The growth in mobile data and 4G LTE in particular is expected to continue, with roughly 80 percent of all mobile subscriptions in 2019 for mobile broadband services. And the faster 4G LTE service will account for 30 percent of those mobile data subscriptions, Ericsson predicts.

Smartphone sales are a key factor in fueling data growth:

Much of this growth is driven by the sale of smartphones. In the first quarter of 2014, about 65 percent of all phones sold were smartphones. This is up from 50 percent a year earlier. While sales are growing, Ericsson notes that today only 35 percent of the world's mobile users are currently using smartphones.

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Ericsson

Mobile subscribers will use more data:

Ericsson estimates that in 2013 the average smartphone user consumed about 650 megabytes of data per month. By 2019, the average smartphone subscriber will consume 2.5 gigabytes of data per month.

Growth in 4G LTE deployment is a contributor to a worldwide increase in mobile data:

Mobile operators around the world are ramping up deployment of LTE networks. But it looks like North America will continue to see the highest levels of penetration. In 2019, Ericsson expects wireless operators in Europe to cover about 80 percent of the population with LTE service. But market penetration will only be about 30 percent. Meanwhile, in North America wireless operators will have about 85 percent of subscribers on LTE in 2019.

Population coverage for LTE in North East Asia is expected to be 95 percent by 2019, with LTE penetration levels at 45 percent. By the same year, China is expected to reach over 700 million LTE subscriptions, representing more than 25 percent of total global subscriptions for LTE.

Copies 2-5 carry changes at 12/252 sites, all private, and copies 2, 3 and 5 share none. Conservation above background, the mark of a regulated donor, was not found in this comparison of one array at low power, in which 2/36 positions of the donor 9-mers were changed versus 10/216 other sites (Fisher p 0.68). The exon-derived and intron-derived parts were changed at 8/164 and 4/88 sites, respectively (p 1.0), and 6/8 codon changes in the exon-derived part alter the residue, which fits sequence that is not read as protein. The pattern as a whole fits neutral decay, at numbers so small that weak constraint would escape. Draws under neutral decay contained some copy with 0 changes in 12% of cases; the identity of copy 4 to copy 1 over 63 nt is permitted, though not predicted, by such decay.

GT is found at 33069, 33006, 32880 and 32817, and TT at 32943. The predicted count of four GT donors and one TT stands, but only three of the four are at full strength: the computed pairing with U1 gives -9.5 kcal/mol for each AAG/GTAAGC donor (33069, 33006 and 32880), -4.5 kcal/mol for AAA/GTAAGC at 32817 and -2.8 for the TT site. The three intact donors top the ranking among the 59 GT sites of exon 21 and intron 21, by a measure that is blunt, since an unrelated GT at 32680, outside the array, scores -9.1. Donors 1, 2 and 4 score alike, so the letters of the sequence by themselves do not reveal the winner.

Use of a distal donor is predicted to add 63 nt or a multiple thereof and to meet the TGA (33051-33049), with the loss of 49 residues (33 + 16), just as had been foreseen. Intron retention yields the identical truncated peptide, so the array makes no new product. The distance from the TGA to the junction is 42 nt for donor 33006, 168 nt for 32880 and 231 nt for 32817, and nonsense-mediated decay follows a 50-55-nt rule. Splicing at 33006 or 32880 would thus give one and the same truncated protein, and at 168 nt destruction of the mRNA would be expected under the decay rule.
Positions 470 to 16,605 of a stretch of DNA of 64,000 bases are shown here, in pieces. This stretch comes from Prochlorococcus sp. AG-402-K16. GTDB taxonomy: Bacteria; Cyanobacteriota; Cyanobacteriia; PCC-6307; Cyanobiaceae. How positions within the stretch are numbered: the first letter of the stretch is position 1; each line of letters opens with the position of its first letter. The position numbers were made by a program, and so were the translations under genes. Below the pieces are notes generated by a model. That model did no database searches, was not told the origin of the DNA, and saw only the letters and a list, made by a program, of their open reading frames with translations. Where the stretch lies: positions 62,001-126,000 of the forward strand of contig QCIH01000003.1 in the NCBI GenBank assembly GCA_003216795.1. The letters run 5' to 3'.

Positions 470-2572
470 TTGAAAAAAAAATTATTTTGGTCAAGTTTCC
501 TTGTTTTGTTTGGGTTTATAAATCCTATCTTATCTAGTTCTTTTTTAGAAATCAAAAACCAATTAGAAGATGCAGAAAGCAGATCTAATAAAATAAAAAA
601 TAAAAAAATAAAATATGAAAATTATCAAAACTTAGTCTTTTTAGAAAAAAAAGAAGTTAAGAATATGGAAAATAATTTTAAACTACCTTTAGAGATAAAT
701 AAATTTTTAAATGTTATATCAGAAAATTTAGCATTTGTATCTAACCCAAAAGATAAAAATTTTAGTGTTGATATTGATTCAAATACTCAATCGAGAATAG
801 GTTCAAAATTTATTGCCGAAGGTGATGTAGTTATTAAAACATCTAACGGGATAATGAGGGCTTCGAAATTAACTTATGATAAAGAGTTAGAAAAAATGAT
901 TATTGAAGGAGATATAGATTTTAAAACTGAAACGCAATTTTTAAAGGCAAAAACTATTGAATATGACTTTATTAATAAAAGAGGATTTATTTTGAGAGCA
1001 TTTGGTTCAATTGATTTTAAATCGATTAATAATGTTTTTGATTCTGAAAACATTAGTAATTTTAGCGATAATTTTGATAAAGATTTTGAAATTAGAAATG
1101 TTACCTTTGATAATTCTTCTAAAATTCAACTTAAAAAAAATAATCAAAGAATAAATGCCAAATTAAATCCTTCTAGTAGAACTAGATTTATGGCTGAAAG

How Ericsson can help:

Ericsson says that its wireless operator customers are already preparing for the massive growth in data.

"Any service provider will tell you that anticipating network capacity is their No. 1 issue," Arun Bhikshesvaran, chief marketing officer for Ericsson, said during a webcast explaining the results of the Mobility Report. "It requires more spectrum, expansion of backhaul, and the densification of the network."

Bhikshesvaran added it also requires that wireless operators look at device roadmaps to see what functionality will be added as well as an understanding of consumers' usage patterns. For example, he said that Ericsson predicts a 13 times increase in video creation and consumption by 2019.

"There is a lot to consider to make sure carriers are adding capacity at the right place in the network at the right time," he said. "It's a complex science behind all of this to anticipate."

Indeed, that is why Ericsson invests in developing these reports. As a company that supplies wireless operators with the wireless and networking equipment needed to upgrade their networks and keep up with demand, it's important for Ericsson to be aware of the traffic and usage trends. And of course an explosion in data usage, like the one Ericsson is predicting, likely means good business for network-equipment suppliers now and in the future.